Last night I had a very Well That’s New York I Guess type of moments. One that didn’t involve kamikaze pigeons or realizing that you share the same subway car as a corpse. A pleasant one, I mean.
A new friend invited me to a video installation with which he works. It’s called Monkey Town and the Chelsea-based performance space Eyebeam hosts it.
In the sparse building, a humongous four-sided cube sits. Each wall is made up of a 20-foot screen. Upon arrival, the coordinator pushed white wine (good sign) on all 30 or so attendees. It was immediately intimate as we circled the screens, taking in the first film, Theo Angell’s “Central Park Quilts.”
Patrons have to duck to enter the cube, finding way to benches with tiny tables. Once sat, the wine kept flowing (happy face). A server slung an insanely decadent five-course meal (if there was a way to physically and safely make love to that lemon risotto, that would have been the rest of my evening) while films from 20 additional artists—my stupidly talented pal, Will Rahilly, included—swallowed us up.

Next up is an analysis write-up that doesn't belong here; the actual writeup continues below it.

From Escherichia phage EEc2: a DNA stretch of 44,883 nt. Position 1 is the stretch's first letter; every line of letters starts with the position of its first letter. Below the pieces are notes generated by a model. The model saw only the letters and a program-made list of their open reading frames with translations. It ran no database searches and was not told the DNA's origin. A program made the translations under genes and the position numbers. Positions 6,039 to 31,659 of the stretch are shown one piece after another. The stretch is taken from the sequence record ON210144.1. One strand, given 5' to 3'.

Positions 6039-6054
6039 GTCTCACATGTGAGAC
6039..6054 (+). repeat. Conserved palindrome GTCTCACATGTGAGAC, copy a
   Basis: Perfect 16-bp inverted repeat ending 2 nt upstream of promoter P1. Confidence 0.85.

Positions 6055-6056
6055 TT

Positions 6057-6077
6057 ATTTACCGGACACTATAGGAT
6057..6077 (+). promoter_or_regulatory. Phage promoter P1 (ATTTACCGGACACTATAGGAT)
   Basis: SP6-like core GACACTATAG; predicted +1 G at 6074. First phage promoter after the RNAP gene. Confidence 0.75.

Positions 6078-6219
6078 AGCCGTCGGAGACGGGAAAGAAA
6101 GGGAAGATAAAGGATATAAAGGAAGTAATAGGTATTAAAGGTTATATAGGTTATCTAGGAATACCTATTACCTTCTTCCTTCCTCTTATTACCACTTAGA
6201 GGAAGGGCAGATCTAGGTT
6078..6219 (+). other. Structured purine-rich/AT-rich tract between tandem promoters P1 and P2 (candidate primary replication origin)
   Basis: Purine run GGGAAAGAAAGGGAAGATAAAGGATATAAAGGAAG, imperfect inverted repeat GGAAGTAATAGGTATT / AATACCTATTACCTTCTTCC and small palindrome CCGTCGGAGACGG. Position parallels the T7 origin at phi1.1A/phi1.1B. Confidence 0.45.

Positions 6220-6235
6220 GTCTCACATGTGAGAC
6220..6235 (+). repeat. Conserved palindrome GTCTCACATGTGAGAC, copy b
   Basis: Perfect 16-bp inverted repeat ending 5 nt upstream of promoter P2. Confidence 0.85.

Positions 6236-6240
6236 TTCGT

The surround sound boomed and the colors were crazy. Subjects ranged from what I’d anticipated (v. scary psychedelic ambience) to those I couldn’t possibly have planned (recorded real-life [I think] Skype conversations, reenacted con maneuvers from the ’70s, food fights, etc.).
Here is one of my favorite films from the night, Bunny Rogers and Filip Olszewski’s “Blouse Klaus”:
"Blouse," like the entire experience, is endlessly bizarre. But so earnest, honest and sweet. I guess that’s representative of the entire experience.
Consider checking it out yourself. It runs for just two more weeks. Find ticket info here and trust me—there is zero need to smoke a thing beforehand.